Articles | Volume 11, issue 7
Atmos. Meas. Tech., 11, 4005–4014, 2018
https://doi.org/10.5194/amt-11-4005-2018
Atmos. Meas. Tech., 11, 4005–4014, 2018
https://doi.org/10.5194/amt-11-4005-2018

Research article 11 Jul 2018

Research article | 11 Jul 2018

Inter-channel uniformity of a microwave sounder in space

Martin Burgdorf et al.

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Cited articles

Atkinson, N. C.: AMSU-B EM Thermal Vacuum Test Report, EM, Met Office, Farnborough, 18 pp., 2000. a
Atkinson, N. C.: Performance of AMSU-B Flight Model 2 (FM2) during NOAA-L Post Launch Orbital Verification Tests, AMB112, Met Office, Farnborough, 24 pp., 2000. a, b
Atkinson, N. C.: Calibration, Monitoring and Validation of AMSU-B, Adv. Space Res., 28, 117–126, 2001. a
Bobryshev, O., Buehler, S. A., John, V. O., Brath, M., and Brogniez, H.: Is There Really a Closure Gap Between 183.31-GHz Satellite Passive Microwave and In Situ Radiosonde Water Vapor Measurements?, IEEE T. Geosci. Remote, 56, 2904–2910, 2018. a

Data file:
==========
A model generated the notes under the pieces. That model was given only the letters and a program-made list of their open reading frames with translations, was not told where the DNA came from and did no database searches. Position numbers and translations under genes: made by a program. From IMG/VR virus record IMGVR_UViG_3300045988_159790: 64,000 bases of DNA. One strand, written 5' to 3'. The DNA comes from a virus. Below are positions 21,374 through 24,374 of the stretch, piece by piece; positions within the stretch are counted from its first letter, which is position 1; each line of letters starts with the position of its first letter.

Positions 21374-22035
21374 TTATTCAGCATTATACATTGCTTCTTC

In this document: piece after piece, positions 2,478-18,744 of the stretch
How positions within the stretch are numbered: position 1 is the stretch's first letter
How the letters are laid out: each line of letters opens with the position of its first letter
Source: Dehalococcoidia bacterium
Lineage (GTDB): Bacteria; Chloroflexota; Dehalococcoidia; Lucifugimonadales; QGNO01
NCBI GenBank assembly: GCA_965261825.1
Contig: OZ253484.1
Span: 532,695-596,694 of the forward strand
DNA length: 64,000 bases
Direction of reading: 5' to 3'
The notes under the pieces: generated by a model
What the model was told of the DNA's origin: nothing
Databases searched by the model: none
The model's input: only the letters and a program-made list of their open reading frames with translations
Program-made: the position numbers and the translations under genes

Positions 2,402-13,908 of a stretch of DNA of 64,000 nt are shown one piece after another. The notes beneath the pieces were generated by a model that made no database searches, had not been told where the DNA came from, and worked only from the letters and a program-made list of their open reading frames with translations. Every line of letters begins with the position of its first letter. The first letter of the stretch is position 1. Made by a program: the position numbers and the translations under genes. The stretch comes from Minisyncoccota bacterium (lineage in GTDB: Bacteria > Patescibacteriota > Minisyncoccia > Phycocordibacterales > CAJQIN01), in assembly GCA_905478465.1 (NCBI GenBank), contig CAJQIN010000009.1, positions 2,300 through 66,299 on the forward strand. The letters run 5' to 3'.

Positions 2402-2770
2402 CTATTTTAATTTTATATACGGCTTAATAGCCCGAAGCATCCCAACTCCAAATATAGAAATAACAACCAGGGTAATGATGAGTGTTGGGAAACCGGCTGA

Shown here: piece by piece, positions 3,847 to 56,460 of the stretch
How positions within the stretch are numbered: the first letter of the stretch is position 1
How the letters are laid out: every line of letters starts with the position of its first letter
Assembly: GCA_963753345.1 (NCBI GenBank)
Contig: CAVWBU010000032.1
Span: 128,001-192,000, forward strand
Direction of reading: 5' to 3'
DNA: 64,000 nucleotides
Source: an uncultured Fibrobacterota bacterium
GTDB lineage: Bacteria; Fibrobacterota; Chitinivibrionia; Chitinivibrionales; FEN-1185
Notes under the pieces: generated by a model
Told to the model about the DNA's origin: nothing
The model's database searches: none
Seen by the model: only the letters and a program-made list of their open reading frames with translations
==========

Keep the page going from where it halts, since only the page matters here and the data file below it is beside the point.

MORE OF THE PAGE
Bonsignori, R.: In-orbit verification of microwave humidity sounder spectral channels coregistration using the moon, J. Appl. Remote Sens., 12, 025013, https://doi.org/10.1117/1.JRS.12.025013, 2018. a, b
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Short summary
We analysed observations of the Moon with the Advanced Microwave Sounding Unit-B on the NOAA-16 satellite in order to search for bias in the sounding channels. Significant bias had been detected in the past on the basis of simultaneous nadir overpasses. With the Moon providing a quite different reference flux than the on-board calibration target and Earth scenes, radio-frequency interference emerged as the best explanation for the anomalies of channel 20 of AMSU-B on NOAA-16.